A Plant-Based Dietary Approach

A Plant-Based Dietary Approach

By Florencia Tagliavini, Nutritionist

So what are plant-based diets exactly? It seems as though everyone has their own definition. While some say it consists mostly of plants but can include some animal products, some say it should include no animal products whatsoever.  Others go further to define that this dietary approach avoids processed foods. There is no exact definition for this new trendy term.  In nutrition studies, other terms are used to describe types of diets such as vegan, ovo-lacto vegetarian, ovo-vegetarian, pescatarian, raw diet and so on. But it doesn’t really matter what exact definition everyone uses in this case, I think we can all agree that this dietary approach focuses on plants over animals. It’s not so much about what you don’t eat but more about what you do eat.

We have learned a lot over the years about the unhealthy eating patterns of Americans and the costs to their health. Cardiovascular disease remains the world’s leading cause of death. Yet, we have known for decades that the vast majority of atherosclerosis and its subsequent morbidity and mortality are influenced predominantly by diet. Over the last decade there has been an incredible amount of research that has supported shifting towards a plant-based approach as an improvement to the high prevalence of the chronic diseases that are on the rise today.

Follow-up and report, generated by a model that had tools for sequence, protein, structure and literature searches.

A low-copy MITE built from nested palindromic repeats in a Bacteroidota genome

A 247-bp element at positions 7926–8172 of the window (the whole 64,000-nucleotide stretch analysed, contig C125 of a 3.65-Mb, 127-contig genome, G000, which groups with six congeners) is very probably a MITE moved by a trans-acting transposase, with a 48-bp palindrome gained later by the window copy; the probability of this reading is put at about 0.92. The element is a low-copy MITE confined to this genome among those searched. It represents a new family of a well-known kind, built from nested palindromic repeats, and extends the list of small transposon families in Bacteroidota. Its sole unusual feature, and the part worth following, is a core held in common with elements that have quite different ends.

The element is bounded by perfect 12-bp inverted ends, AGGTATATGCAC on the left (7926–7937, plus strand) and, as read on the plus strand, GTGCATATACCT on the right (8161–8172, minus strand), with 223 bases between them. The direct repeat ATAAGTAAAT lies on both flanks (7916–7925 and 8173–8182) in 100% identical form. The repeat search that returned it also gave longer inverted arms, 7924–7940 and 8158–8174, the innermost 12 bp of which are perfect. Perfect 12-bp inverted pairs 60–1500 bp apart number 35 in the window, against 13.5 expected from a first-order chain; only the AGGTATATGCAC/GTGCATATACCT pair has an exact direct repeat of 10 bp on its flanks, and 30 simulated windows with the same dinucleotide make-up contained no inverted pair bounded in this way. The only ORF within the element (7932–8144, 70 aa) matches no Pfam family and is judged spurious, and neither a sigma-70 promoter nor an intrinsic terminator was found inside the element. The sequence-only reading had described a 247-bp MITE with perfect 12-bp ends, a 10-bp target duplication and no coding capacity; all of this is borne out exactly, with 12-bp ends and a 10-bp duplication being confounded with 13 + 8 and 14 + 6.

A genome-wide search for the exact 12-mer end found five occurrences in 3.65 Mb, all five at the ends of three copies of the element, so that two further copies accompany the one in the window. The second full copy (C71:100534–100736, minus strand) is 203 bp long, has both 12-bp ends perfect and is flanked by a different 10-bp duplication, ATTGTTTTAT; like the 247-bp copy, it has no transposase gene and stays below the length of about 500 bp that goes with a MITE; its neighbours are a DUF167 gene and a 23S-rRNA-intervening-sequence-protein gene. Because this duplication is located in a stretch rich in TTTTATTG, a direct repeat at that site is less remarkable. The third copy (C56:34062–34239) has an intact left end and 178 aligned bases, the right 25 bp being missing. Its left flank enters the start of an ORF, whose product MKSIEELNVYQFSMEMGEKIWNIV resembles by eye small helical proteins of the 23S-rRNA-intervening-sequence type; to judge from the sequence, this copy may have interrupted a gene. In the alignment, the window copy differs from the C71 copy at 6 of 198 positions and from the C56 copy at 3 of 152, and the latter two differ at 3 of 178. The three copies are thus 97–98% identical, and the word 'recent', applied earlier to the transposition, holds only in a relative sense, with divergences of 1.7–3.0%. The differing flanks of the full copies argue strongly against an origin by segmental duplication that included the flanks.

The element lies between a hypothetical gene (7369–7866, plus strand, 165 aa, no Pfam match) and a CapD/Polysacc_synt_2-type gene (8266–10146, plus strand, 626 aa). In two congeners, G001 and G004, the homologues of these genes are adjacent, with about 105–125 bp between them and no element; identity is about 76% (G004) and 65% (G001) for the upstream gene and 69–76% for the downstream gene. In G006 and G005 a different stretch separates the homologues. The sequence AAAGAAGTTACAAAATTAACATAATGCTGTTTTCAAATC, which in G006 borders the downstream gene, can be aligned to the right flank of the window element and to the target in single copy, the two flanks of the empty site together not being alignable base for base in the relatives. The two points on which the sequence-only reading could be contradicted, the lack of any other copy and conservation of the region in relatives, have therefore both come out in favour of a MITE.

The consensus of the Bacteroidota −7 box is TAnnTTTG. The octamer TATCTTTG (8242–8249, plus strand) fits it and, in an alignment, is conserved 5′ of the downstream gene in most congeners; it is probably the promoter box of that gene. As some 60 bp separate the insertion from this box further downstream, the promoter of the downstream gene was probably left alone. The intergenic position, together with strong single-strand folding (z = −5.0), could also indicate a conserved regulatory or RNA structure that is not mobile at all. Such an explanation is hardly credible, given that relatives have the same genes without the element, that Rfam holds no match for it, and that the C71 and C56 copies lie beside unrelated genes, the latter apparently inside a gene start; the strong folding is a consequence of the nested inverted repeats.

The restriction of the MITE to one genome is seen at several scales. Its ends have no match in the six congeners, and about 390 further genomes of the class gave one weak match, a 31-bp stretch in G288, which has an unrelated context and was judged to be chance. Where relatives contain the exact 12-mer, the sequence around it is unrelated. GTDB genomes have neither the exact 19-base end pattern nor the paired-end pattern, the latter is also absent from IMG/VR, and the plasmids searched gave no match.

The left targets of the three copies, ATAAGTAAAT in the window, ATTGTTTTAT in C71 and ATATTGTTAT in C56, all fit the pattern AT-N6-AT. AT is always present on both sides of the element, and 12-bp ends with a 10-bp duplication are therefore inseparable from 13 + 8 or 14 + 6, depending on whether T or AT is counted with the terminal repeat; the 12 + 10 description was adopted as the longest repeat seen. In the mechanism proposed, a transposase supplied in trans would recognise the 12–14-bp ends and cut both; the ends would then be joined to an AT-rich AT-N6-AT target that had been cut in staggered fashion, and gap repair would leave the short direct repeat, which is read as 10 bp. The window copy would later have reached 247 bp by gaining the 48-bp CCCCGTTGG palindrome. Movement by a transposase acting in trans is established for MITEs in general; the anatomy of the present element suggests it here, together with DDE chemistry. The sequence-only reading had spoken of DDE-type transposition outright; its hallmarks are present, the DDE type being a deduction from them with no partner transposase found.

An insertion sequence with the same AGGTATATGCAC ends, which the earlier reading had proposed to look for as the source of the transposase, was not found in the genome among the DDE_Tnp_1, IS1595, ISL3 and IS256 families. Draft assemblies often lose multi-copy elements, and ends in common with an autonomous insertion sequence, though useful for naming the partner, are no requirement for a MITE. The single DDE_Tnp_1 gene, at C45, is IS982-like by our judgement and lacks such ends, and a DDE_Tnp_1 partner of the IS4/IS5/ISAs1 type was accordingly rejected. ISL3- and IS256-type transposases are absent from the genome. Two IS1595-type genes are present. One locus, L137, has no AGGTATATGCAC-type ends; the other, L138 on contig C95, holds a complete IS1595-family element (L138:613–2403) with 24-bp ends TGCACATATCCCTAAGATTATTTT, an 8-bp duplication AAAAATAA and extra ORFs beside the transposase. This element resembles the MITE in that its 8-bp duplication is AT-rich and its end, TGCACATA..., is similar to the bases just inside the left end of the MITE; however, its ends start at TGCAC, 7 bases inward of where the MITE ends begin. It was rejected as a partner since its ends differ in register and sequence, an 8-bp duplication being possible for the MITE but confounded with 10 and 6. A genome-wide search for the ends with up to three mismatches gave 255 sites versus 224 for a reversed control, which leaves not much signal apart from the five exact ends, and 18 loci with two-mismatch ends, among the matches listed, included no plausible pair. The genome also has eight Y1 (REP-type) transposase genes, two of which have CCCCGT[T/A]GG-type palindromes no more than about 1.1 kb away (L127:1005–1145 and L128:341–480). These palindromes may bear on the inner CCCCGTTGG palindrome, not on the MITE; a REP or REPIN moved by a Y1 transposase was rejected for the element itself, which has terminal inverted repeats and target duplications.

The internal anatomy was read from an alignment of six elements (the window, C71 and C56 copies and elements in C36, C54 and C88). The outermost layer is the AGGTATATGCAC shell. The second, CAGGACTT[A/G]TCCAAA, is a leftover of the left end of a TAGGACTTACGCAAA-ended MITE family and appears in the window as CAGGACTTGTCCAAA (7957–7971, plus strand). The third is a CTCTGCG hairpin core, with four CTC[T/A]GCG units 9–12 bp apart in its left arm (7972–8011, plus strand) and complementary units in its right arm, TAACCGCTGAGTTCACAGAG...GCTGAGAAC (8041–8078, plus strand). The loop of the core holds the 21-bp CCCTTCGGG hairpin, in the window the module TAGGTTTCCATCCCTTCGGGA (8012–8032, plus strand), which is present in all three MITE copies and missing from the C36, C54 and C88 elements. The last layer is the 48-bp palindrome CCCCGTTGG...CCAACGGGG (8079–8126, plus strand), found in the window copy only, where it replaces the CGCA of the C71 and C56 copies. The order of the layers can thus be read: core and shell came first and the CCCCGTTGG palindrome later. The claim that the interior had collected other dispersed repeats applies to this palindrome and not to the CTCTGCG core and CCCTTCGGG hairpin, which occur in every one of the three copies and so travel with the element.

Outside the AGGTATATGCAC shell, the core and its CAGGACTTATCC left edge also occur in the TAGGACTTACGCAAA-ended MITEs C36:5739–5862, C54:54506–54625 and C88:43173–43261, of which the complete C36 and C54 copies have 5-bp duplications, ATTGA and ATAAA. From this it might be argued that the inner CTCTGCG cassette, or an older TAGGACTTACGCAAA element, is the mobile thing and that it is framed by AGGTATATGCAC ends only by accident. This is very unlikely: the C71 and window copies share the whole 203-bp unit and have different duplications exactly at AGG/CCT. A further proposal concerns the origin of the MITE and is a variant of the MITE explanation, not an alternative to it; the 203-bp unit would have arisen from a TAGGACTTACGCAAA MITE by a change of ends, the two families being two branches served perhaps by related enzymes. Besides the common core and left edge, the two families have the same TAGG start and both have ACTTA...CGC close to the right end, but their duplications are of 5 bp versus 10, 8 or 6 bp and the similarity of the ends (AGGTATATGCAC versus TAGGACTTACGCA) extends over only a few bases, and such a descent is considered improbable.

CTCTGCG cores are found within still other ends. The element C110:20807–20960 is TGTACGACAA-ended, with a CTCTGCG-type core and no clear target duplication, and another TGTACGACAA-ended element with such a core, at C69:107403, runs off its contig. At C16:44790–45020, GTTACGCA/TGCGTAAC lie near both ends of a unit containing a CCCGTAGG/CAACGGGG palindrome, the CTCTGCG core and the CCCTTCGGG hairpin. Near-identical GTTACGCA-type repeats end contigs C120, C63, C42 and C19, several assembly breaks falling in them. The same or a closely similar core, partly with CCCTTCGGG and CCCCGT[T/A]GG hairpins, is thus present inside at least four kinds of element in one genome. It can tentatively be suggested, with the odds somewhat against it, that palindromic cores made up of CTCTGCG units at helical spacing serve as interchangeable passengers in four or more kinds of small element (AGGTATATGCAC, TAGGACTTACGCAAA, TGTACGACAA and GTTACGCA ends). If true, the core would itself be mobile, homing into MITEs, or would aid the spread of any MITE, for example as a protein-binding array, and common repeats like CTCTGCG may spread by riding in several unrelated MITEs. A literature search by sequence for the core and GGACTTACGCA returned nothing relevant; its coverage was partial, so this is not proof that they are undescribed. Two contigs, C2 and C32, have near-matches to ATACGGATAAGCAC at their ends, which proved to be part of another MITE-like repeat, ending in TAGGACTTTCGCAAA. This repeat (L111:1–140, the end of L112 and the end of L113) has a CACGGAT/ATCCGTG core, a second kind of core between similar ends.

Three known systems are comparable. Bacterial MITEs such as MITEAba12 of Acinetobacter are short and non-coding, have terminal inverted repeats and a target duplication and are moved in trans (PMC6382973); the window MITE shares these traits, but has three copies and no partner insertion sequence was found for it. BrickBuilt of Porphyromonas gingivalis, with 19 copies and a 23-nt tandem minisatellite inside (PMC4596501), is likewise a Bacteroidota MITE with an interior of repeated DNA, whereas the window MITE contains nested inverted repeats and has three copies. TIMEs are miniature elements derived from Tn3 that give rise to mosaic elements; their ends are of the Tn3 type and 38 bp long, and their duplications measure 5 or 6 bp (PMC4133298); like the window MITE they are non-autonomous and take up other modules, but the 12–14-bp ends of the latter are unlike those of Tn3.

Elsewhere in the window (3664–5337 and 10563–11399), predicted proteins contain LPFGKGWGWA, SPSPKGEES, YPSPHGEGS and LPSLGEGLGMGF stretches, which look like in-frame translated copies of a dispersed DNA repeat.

Many respected health institutions recommend reducing consumption of animal products, especially red meat, while increasing plant-based foods.

The American Institute of Cancer Research recommends limiting the consumption of red meats and avoiding processed meats. Reports concluded there was convincing evidence that red meat and processed meats are a cause of colorectal cancer and processed meats a probable cause of stomach cancer. Studies suggest that we can eat up to 18 ounces of red meat per week without significantly raising cancer risk. So if you are a red meat eater, you may not have to give it up completely.

The American Heart Association recommends following a heart healthy diet which emphasizes a higher proportion of plant-based foods compared to animal-based foods. This is a diet higher in fruits, vegetables, whole grains, legumes, beans, nuts, low fat-dairy, skinless poultry and fish. It encourages eating foods low in saturated and trans fats, sodium, and limiting added sugars and red meats. According to their research this approach can lower the risks of dying from heart disease and stroke by up to 20%.

The Academy of Nutrition & Dietetics states that well-designed vegetarian diets provide adequate nutrient intakes for all stages of the life cycle. They can provide protection against many chronic diseases, such as heart disease, hypertension, type 2 diabetes, obesity, and some cancers. Furthermore, a vegetarian diet could make more conservative use of natural resources and cause less environmental degradation.

2015 Dietary Guidelines Advisory Committee identifies and encourages a healthy dietary pattern that is higher in vegetables, fruits, whole grains, low- or non-fat dairy, seafood, legumes, and nuts; moderate in alcohol (among adults); and lower in red & processed meat.

It is clear that we need to shift towards a plant-based diet to regain our health. This means leaving behind a diet mostly comprised of processed foods, high in unhealthy saturated & trans fats, cholesterol, sodium and added sugars as well as limiting the consumption of red meat and avoiding processed meats while adopting a healthy diet that is high in whole natural foods such as fruits and vegetables, whole grains, legumes, nuts, and seeds.

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